Biofuels, oil groups clash over EPA plan to allow summertime E15 sales

Source: By Stuart Parker, Inside EPA • Posted: Wednesday, March 22nd, 2023

Biofuels industry and oil sector groups are clashing over EPA’s plan to allow eight Midwestern states to sell 15 percent ethanol fuel (E15) during the summer ozone season, with biofuels advocates criticizing EPA’s implementation delay to 2024 while some in the refining sector are pressing for a further extension to allow for infrastructure changes.

EPA hearing on Midwest E15 proposal fraught with timing concerns

Source: By OPIS • Posted: Wednesday, March 22nd, 2023

Proponents for the ethanol industry told the Environmental Protection Agency in a Tuesday hearing on a petition by several Midwest governors to offer summertime E15 access in their states that the agency should remedy its foot-dragging on the proposal by implementing it this summer.

Biofuel bill is back

Source: By Politico • Posted: Wednesday, March 22nd, 2023

Sen. Chuck Grassley (R-Iowa) said a group of lawmakers is planning to reintroduce the bipartisan Next Generation Fuels Act this week after if died in the previous Congress. In addition to Grassley, Sens. Amy Klobuchar (D-Minn.), Joni Ernst (R-Iowa), and Tammy Duckworth (D-Ill.) are also cosponsors of the legislation, one of the many biofuel bills facing an uphill battle in the Senate.

Iowa farmers face $1 billion-a-year hit to income without carbon pipelines, report says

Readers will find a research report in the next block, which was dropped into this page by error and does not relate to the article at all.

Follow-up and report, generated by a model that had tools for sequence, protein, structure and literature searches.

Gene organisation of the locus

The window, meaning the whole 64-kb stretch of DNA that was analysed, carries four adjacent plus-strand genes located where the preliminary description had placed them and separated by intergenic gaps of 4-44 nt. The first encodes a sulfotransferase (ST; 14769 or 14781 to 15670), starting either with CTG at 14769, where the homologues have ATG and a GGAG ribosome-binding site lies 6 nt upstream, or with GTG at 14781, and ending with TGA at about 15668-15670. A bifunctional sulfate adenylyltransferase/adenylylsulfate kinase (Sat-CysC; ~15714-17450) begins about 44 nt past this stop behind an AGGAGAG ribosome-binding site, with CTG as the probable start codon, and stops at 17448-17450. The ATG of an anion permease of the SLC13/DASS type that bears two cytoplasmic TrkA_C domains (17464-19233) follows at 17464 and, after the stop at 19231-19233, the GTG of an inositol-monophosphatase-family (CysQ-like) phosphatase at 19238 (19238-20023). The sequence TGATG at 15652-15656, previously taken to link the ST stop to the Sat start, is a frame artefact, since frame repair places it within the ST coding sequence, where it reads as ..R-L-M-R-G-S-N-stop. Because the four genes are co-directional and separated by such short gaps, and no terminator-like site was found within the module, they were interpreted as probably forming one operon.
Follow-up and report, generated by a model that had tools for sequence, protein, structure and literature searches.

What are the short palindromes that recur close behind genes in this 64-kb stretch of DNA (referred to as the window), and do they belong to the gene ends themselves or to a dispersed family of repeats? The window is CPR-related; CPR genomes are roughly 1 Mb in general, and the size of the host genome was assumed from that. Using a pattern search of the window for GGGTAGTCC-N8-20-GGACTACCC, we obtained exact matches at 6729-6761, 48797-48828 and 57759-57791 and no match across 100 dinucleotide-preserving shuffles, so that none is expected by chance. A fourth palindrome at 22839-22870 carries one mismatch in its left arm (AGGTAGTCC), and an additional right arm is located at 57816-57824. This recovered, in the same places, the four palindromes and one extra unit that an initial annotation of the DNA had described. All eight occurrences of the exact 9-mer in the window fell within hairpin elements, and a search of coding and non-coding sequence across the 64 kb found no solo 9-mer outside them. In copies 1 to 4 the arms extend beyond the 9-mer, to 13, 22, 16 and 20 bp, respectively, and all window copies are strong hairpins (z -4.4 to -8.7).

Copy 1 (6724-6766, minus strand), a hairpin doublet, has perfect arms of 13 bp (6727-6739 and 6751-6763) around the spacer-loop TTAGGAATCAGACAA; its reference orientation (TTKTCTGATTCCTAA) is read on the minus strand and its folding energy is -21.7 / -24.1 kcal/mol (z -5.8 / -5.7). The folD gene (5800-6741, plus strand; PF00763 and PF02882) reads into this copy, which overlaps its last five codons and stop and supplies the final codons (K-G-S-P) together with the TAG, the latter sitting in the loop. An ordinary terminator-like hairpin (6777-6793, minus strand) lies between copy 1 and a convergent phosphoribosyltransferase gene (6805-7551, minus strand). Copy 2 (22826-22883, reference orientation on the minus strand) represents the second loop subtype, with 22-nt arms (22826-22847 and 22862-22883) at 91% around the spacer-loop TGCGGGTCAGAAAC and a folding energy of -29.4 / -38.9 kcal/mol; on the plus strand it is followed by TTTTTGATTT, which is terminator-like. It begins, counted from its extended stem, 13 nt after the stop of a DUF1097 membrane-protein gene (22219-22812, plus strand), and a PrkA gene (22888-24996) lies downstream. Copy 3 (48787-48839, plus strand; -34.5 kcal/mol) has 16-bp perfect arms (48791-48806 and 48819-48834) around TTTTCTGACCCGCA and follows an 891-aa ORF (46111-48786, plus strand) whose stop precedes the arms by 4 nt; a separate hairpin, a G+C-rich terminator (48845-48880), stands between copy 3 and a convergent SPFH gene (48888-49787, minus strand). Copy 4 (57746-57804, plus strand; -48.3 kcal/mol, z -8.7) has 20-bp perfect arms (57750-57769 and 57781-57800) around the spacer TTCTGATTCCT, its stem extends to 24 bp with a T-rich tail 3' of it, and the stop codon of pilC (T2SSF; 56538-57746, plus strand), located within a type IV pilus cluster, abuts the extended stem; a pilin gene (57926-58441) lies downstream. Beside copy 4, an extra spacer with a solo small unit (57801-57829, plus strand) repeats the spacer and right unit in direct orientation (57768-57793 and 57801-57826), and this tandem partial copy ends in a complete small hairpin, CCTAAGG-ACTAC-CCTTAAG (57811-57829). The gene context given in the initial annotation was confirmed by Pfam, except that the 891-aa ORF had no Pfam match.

Source: By Donnelle Eller, Des Moines Register • Posted: Wednesday, March 22nd, 2023

Iowa farmers could lose about $1 billion in annual farm income if carbon capture pipelines aren’t built to ensure the state’s largely corn-based ethanol will remain viable as the country seeks to slow down climate change, says the second part of an industry-backed report. Iowa is the nation’s largest producer of both corn and ethanol. A 75% estimated loss in ethanol production if the pipelines aren’t built would force the state’s growers to ship about 44% of their crop outside of the state, primarily to neighboring ethanol-producing states Minnesota, Nebraska and South Dakota, says the report.

Burleigh County will require permits for CO2 pipelines

Source: By Associated Press • Posted: Wednesday, March 22nd, 2023

North Dakota’s Burleigh County has approved an ordinance to require special permits for companies that want to build pipelines for hazardous liquids such as carbon dioxide. County commissioners voted 4-0 Monday night with one member absent to approve the proposal. Commissioners, however, acknowledged the ordinance is likely to draw a lawsuit from carbon-capture pipeline developer Summit Carbon Solutions, the Bismarck Tribune reported.

A ‘Rocking Chair Rebellion’: Seniors Call On Banks to Dump Big Oil

Source: By Cara Buckley, New York Times • Posted: Wednesday, March 22nd, 2023